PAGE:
Grab a Deckhand Job on a Fishing Boat in Alaska!

Did you know that non-Alaskans hold 57% of jobs in the Alaskan fishing industry? Many people journey to the Great White North and make a living for a season or lifetime working in this cool and exciting industry.

Every year thousands of fishing boats head out into the fish-rich waters off the coast of Alaska to catch fish and make money. These boats all need hard working deckhands to make sure they can catch as many fish as possible. Every boat needs one to six deckhands onboard at all times to make sure they run an efficient ship. When 1,000s of jobs are needed in a billion dollar industry, there are lots of opportunities to earn your keep.

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Commercial fishing boats usually specialize in a specific fishing method and catch one or more type of fish. Depending on the fishery and fish species boats fish with either nets, pots or hooks and bait. The top commercial fisheries in Alaska are:

Bristol Bay Salmon Gillnetter Deckhand Crew Harvesting Sockeye Salmon

  • Salmon
  • Halibut
  • Black Cod (Sablefish)
  • Pollock
  • Herring
  • and Crab.

But there are also a number of other species of fish caught commercially in Alaska.

Deckhand usually work on a crew share basis. This means that they share in the profits of the boat. The more fish they harvest home, the more money they make.

Use AlaskaJobFinder to help you find a great job in Alaska!

What Does a Fishing Boat Deckhand Do?

Deckhand jobs are a great way to get into the fishing industry. A good deckhand has a sturdy pair of sea legs, is a hard worker and a good crew mate. The duties of a deckhand vary by fishery and fishing method. Some of the duties that deckhand generally handle include:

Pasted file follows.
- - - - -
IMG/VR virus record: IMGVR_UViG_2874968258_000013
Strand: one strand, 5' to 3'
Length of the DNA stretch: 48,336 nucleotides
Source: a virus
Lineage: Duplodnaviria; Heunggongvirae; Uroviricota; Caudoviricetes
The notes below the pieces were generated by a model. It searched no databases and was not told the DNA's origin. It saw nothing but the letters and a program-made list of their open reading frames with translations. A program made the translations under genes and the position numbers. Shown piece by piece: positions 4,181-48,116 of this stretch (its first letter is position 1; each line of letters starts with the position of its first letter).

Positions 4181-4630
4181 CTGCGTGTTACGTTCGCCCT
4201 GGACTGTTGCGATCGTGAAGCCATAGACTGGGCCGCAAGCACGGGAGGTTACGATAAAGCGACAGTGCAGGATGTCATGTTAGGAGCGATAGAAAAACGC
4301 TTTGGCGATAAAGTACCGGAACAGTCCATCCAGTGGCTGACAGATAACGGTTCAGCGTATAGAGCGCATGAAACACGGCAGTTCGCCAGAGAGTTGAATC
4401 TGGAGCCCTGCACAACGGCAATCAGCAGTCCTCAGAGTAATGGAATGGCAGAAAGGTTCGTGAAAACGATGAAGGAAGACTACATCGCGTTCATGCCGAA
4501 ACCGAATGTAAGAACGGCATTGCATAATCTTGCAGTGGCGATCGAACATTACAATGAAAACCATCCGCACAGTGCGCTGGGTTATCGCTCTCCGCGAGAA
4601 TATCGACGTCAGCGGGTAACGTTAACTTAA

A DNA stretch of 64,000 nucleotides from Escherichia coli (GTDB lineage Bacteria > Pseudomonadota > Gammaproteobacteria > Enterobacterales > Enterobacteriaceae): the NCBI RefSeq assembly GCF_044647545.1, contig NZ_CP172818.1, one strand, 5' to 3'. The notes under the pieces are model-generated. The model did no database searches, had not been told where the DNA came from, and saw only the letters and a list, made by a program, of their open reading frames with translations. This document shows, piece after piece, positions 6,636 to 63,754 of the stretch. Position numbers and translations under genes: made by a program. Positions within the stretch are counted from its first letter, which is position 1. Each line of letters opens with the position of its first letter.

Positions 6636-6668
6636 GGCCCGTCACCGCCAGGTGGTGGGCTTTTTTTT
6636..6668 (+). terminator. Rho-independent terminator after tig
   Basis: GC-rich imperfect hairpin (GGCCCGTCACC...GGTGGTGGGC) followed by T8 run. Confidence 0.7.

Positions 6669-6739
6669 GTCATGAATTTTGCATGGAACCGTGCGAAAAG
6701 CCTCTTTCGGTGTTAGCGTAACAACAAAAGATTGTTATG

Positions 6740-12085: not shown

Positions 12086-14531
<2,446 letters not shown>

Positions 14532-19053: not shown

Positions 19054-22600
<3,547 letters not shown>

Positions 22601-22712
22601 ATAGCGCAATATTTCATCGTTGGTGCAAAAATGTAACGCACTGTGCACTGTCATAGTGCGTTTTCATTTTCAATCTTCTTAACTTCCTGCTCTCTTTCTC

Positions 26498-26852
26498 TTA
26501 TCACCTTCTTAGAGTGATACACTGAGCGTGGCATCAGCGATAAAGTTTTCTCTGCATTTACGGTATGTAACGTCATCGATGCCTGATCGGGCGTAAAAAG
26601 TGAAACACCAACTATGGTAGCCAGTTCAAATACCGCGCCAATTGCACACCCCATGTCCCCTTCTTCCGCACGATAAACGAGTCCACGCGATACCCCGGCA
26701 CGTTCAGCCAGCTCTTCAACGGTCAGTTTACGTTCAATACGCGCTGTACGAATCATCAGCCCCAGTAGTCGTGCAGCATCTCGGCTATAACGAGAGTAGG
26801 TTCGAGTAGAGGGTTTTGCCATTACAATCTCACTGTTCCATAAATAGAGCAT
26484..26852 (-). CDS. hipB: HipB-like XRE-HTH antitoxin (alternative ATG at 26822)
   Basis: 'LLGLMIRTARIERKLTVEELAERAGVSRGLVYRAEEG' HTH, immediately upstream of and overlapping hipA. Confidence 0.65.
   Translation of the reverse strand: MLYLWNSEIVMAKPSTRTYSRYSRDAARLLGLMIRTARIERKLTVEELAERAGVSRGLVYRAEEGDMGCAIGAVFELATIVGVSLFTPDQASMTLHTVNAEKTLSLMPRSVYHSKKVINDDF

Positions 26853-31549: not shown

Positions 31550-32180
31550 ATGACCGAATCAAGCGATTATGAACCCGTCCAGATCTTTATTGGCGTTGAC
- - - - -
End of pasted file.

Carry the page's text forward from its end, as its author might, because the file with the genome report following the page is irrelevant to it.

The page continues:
• Deals with fishing gear
  • Unloads fish
  • Cleans the catch on some types of vessels
  • Performs general deck duties
  • Moors and secures the boat
  • Lubricates machinery and equipment
  • Repairs ropes and cables
  • Is able to man a life raft

Crab Fishing Deckhands - Bering Sea Alaska

Landing a gig as a deckhand means there is plenty of potential for large paychecks because deckhands are typically paid a percentage of the total catch, commonly called a crew share. Plus you’ll be able to save a bit because there aren’t too many expenses when you live on a boat.

After logging some time as a deckhand, you can move up the crew ladder and work as an Ordinary Seaman deckhand or Able Seaman deckhand on the bigger boats or into the more competitive fisheries such as crab on the smaller boats.

Learn more about working as a deckhand on a fishing boat by reading these interviews:

Alaska Deckhand Fishing Jobs

If you’re ready to get wet, smell like fish, and stay focused then look for work as an Alaskan deckhand. It’s a coveted job where the pay is great, the work is challenging, and the excitement is world class.

In the Members Section of AlaskaJobFinder we provide you proven tips and strategies for getting deckhand jobs in Alaska. We also have a lot of skippers who post their jobs each year on AlaskaJobFinder and use our resume database to fill their deckhand positions on their fishing boats. So if you are interested in a deckhand job on an Alaska fishing boat, a membership to AlaskaJobFinder is well worth the money.

Learn More: Alaska Commercial Fishing Industry

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